The radiometric composition of bulk deposition samples, collected monthly in a 5 year period (1 January 2005 until 31 December 2009) at a site located 30 m a.s.l in Málaga (4°28′ 8″W; 36° 43′40″N), are analysed in this paper. Measurement of gross alpha, gross beta, artificial and natural radionuclide activity concentrations were carried out in 60 bulk deposition samples. We analysed the time series of gross alpha, gross beta 7Be, 210Pb and 40K. The specific activities of gross alpha and gross beta measured in bulk deposition material are in the range from 0.012–0.32 and 0.045–1.81 Bq l−1 and theirs mean values are: 0.11 and 0.59 Bq l−1 respectively. The activity values of 7Be and 210Pb are in the range from 0.65–8.3 and 0.05–1.32 Bq l−1 with mean values of 2.5 and 0.41 Bq l−1 respectively. The highest specific activities of 40K in bulk deposition material were recorded in connection with high altitude Saharan dust intrusion. The time variations of the different radionuclide concentrations have been discussed in relation with various meteorological factors and the mean values have been compared to those published in recent literature for other sites located at different latitudes. To study the deposition, monthly deposition data from a funnel collector were compared from 2005 to 2009.The monthly range in deposition fluxes for gross alpha varied widely (0.40–11 Bq m−2 month−1) and the average annual deposition is 21 Bq m−2 y−1. The monthly fluxes for gross beta varied (1.3–33.8 Bq m−2 month−1) and the average annual deposition is approximately 120 Bq m−2 y−1. The total annual deposition fluxes of 210Pb varied between 64.9 and 160.8 Bq m−2 y−1 with a mean of 120 Bq m−2 y−1. The annual 7Be depositional flux varied between 432 and 1204 Bq m−2 y−1 with a mean of 676 Bq m−2 y−1. Observed seasonal variations of deposition data are explained in terms of different environmental features. The atmospheric deposition fluxes of 7Be and 210Pb were moderately well correlated with rainfall (r 2 of 0.72 and 0.76 respectively) and well correlated one with the other (r 2 of 0.79).► The radionuclides of bulk deposition over 5 years at Malaga were analysed. ► The concentrations of 40K in bulk deposition were connected with Sahara intrusion. ► The radionuclides in rainwater show seasonal variations. ► The atmospheric fluxes of 7Be and 210Pb were well correlated with rainfall.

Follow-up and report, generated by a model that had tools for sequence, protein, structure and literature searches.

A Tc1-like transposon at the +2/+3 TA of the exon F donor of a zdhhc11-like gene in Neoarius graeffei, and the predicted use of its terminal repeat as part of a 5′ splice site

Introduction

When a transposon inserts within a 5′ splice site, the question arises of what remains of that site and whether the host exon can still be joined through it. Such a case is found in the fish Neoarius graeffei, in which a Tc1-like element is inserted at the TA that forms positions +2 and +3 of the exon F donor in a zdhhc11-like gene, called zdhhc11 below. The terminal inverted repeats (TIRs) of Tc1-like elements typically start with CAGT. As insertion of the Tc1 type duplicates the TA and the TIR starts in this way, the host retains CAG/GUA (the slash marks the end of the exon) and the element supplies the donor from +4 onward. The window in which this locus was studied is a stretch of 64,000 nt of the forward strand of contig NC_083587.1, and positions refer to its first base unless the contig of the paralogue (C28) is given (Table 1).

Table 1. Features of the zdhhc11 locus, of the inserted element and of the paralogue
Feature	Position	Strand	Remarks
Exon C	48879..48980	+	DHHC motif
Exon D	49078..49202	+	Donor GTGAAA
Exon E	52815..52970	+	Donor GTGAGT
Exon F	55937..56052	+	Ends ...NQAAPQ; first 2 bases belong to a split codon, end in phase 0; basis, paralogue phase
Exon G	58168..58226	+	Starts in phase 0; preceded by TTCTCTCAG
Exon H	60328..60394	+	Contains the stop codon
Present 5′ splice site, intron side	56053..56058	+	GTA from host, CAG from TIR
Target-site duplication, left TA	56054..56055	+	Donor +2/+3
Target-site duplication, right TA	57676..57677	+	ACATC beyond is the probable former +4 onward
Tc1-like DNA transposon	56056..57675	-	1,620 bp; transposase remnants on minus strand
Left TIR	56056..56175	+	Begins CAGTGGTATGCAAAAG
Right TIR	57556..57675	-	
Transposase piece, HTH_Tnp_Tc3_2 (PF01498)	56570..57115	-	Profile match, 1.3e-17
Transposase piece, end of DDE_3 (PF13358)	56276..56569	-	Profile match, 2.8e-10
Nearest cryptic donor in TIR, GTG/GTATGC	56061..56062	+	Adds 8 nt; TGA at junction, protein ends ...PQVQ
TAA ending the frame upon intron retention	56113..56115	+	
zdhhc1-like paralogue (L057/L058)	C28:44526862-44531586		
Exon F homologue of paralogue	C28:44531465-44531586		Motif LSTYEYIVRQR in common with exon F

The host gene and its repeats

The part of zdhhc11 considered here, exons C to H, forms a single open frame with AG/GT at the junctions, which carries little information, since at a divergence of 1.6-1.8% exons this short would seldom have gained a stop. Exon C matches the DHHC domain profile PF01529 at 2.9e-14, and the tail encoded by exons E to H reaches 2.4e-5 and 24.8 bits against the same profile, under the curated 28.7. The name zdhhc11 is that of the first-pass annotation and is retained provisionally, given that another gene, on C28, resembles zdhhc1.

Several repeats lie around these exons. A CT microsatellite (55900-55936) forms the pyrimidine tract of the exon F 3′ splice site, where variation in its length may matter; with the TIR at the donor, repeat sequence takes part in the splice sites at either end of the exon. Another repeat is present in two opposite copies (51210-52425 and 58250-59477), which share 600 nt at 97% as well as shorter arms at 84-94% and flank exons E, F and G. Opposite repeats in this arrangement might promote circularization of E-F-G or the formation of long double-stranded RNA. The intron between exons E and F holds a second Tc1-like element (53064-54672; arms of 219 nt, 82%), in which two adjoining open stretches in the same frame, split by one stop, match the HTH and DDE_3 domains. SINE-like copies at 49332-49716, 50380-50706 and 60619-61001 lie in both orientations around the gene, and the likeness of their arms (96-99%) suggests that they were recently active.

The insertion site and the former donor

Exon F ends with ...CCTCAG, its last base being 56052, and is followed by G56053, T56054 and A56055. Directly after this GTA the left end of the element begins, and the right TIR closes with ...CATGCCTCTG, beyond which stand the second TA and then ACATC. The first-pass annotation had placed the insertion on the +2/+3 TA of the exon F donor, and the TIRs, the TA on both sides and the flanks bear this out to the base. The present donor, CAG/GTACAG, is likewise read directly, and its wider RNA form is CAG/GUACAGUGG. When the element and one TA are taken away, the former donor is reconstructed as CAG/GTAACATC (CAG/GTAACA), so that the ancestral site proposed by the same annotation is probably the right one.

Keywords: Rainwater; Radionuclides; Depositional flux; Gross alpha; Gross beta; 7Be; 210Pb; Mediterranean region;
Physicochemical and oxidative characteristics of semi-volatile components of quasi-ultrafine particles in an urban atmosphere by Vishal Verma; Payam Pakbin; Ka Lam Cheung; Arthur K. Cho; James J. Schauer; Martin M. Shafer; Michael T. Kleinman; Constantinos Sioutas (1025-1033).
This study examines the physicochemical and redox profiles of atmospheric semi-volatile compounds to evaluate their contribution to the oxidative potential of ambient particulate matter (PM). Concentrated ambient and thermodenuded quasi-ultrafine particles (<180 nm) were collected using the versatile aerosol concentration enrichment system (VACES) at an urban site near downtown Los Angeles. A thermodenuder (TD) was used to selectively remove the semi-volatile components of these aerosols over the temperature range of 50–200 °C. The oxidative potential of PM was measured by means of the DTT (dithiothreitol) assay. Detailed chemical analyses of PM samples, including organic and elemental carbon, water soluble elements, inorganic ions and PAHs (polycyclic aromatic hydrocarbons), were conducted to quantify the volatility profiles of different PM species, and also to investigate their effect on measured oxidative potential. Refractory constituents, such as metals and elemental carbon, were marginally affected by heating, while labile species such as organic carbon and PAHs showed progressive loss in concentration with increase in TD temperature. The DTT-measured oxidative potential of PM was significantly decreased as the aerosols were heated and their semi-volatile components were progressively removed (42 ± 5%, 47 ± 8% and 66 ± 6% decrease at 50, 100 and 200 °C, respectively). Thus, semi-volatile compounds present in quasi-ultrafine urban aerosols constitute a significant fraction of PM oxidative potential, which is associated with the cellular generation of reactive oxygen species. Regression analysis performed between chemical constituents and DTT activity showed that the oxidative potential was strongly correlated with organic carbon and PAHs (R ≥ 0.80; p ≤ 0.05).
Keywords: Semi-volatile compounds; Oxidative potential; DTT assay; Quasi-ultrafine particles;
Pulmonary toxicity study in rats with PM10 and PM2.5: Differential responses related to scale and composition by Wei Zhang; Tian Lei; Zhi-Qing Lin; Hua-Shan Zhang; Dan-Feng Yang; Zhu-Ge Xi; Jian-Hua Chen; Wei Wang (1034-1041).